Some that follow impulses and impressions indulge a notion, that they do no other than follow the guidance of God’s word, because the impression is made with a text of Scripture that comes to their mind. But they take that text as it is impressed on their mind. But they take that text as it is impressed on their minds, and improve it as a new revelation to all intents and purposes; while the text, as it is in the Bible, implies no such thing, and they themselves do not suppose that any such revelation was contained in it before. Suppose, for instance, that text should come into a person’s mind with strong impression, Acts ix. 6. “Arise, and go into the city; and it shall be told thee what thou must do;” and he should interpret it as an immediate signification of the will of God, that he should now forthwith go to such a neighbouring town, and there he should meet with a further discovery of his duty. If such things as these are revealed by the impression of these words, it is to all intents a new revelation, not the less because certain words of Scripture are made use of in the case. Here are propositions or truths entirely new, that those words do not contain. These propositions, That it is God’s mind and will that such a person by name should arise at such a time, and go to such a place, and that there he should meet with discoveries, are entirely new propositions, wholly different from those contained in that text of Scripture. They are no more implied in the words themselves, without a new revelation, than it is implied that he should arise and go to any other place, or that any other person should arise and go to that place. The propositions, supposed to be now revealed, are as really different from those contained in that scripture, as they are from the propositions contained in that text, Gen. v. 6. “And Seth lived an hundred and five years, and begat Enos.” This is quite a different thing from the Spirit’s enlightening the mind to understand the words of God, and know what is contained and revealed in them, and what consequences may justly be drawn from them, and to see how they are applicable to our case and circumstances; which is done without any new revelation, only by enabling the mind to understand and apply a revelation already made.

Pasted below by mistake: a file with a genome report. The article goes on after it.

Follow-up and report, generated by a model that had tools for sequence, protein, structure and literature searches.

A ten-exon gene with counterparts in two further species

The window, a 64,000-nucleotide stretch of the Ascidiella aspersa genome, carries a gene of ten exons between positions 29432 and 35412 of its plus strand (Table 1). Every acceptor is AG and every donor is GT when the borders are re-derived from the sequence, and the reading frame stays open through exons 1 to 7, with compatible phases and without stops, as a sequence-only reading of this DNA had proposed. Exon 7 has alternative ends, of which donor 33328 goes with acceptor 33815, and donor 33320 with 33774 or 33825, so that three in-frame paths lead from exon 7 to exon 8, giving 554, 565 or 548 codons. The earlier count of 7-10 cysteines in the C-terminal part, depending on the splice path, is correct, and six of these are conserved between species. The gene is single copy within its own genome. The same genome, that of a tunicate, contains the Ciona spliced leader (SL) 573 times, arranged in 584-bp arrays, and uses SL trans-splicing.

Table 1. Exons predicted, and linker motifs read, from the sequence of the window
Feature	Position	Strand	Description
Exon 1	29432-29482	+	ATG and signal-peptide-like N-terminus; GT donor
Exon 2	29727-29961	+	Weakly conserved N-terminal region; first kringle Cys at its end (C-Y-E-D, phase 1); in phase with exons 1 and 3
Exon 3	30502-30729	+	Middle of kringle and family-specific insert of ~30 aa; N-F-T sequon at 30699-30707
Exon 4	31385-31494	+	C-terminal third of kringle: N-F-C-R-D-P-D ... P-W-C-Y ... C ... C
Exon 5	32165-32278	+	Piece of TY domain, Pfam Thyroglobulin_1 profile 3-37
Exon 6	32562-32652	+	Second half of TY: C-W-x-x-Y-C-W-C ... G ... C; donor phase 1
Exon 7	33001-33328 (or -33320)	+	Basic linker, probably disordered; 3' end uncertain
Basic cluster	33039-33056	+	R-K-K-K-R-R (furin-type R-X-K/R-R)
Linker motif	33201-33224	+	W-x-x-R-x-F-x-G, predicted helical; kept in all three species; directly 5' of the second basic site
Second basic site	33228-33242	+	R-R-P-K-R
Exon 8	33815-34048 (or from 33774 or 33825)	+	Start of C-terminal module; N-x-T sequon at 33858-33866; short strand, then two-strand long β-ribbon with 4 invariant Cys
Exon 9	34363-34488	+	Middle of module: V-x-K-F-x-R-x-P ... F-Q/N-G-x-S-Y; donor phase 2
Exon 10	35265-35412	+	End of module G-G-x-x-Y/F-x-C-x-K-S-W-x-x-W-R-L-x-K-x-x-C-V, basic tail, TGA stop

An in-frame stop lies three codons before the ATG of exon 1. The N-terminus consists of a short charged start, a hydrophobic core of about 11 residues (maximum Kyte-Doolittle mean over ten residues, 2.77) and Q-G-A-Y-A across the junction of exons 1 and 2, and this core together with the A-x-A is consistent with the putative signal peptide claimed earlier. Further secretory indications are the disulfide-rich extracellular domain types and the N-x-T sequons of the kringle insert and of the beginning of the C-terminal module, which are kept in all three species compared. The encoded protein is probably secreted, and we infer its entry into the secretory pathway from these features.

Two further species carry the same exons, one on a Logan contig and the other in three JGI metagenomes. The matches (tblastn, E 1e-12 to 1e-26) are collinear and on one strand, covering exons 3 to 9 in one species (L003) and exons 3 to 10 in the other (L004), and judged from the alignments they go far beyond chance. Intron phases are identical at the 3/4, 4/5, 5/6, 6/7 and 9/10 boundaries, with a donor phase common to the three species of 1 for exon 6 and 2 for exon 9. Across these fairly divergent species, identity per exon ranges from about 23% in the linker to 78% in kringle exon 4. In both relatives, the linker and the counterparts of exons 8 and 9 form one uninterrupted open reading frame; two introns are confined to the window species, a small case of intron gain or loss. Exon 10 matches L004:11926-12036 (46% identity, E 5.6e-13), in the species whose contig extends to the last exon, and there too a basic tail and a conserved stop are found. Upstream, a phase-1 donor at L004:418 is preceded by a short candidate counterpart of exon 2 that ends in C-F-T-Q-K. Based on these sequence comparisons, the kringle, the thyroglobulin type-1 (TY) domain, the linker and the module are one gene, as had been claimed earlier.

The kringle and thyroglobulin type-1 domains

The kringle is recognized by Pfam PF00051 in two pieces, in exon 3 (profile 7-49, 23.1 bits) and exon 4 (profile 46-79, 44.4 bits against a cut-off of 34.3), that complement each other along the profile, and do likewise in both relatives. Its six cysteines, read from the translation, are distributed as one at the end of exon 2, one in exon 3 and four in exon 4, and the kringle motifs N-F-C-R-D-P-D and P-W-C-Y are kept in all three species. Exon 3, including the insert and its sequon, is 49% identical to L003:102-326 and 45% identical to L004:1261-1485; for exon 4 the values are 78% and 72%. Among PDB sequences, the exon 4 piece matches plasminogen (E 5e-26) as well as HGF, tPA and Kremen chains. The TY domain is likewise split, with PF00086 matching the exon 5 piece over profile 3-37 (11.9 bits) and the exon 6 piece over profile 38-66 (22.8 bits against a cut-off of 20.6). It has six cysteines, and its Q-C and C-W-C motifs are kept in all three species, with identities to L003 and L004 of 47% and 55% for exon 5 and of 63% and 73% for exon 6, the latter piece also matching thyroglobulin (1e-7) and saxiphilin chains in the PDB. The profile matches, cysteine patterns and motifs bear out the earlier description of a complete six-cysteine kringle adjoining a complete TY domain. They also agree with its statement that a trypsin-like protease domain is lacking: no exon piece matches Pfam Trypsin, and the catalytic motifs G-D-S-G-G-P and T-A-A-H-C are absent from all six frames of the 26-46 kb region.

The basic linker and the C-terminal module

Those texts of Scripture, that speak of the children of God as led by the Spirit, have been by some brought to defend such impulses; particularly Rom. viii. 14. “For as many as are led by the Spirit of God, they are the sons of God:” And Gal. v. 18. “But if ye are led by the Spirit, ye are not under the law.” But these texts themselves confute them that bring them; for it is evident that the leading of the Spirit which the apostle speaks of is peculiar to the children of God, and that natural men cannot have; for he speaks of it as a sure evidence of their being the sons of God, and not under the law. But a leading or directing of a person by immediately revealing to him where he should go, or what shall hereafter come to pass, or what shall be the future consequence of his doing thus or thus, if there be any such thing in these days, is not of the nature of the gracious leading of the Spirit of God, peculiar to God’s children. It is no more than a common gift; there is nothing in it but what natural men are capable of, and many of them have had in the days of inspiration. A man may have ten thousand such revelations and directions form the Spirit of God, and yet not have a jot of grace in his heart. It is no more than the gift of prophecy, which immediately reveals what will be, or should be hereafter; but this is only a common gift, as the apostle expressly shows, 1 Cor. xiii. 2, 8. If a person has any thing revealed to him from God, or is directed to any thing by a voice from heaven, or a whisper, or words immediately suggested to his mind, there is nothing of the nature of grace merely in this: it is of the nature of a common influence of the Spirit, and is but dross in comparison of the excellency of that gracious leading of the Spirit that the saints have. Such a way of being directed where one shall go, and what he shall do, is no more than what Balaam had from God, who from time to time revealed to him what he should do; so that he was in this sense led by the Spirit for a considerable time. There is a more excellent way in which the Spirit leads the sons of God, that natural men cannot have; and that is, by inclining them to do the will of God, and go in the shining path of truth and Christian holiness, from a holy, heavenly disposition, which the Spirit of God gives them, and which inclines and leads them to those things that are excellent and agreeable to God’s mind, whereby they “are transformed by the renewing of their minds, and prove what is that good, and acceptable, and perfect will of God,” Rom. xii. 2. And so the Spirit of God does in a gracious manner teach the saints their duty; and he teaches them in a higher manner than ever Balaam, or Saul, or Judas, were taught. The Spirit of God enlightens them with respect to their duty, by making their eye single and pure, whereby the whole body is full of light. The sanctifying influence of the Spirit of God rectifies the taste of the soul, whereby it savours those things that are of God, and naturally relishes and delights in those things that are holy and agreeable to God’s mind; and, like one of a distinguishing taste, it chooses those things that are good and wholesome, and rejects those that are evil. The sanctified ear tries words, and the sanctified heart tries actions, as the mouth tastes meat. And thus the Spirit of God leads and guides the meek in his way, agreeable to his promises; he enables them to understand the commands and counsels of his word, and rightly to apply them. Christ blames the Pharisees that they had not his holy distinguishing taste, to discern and distinguish what was right and wrong, Luke xii. 57. “Yea, and why even of your own selves judge ye not what is right?”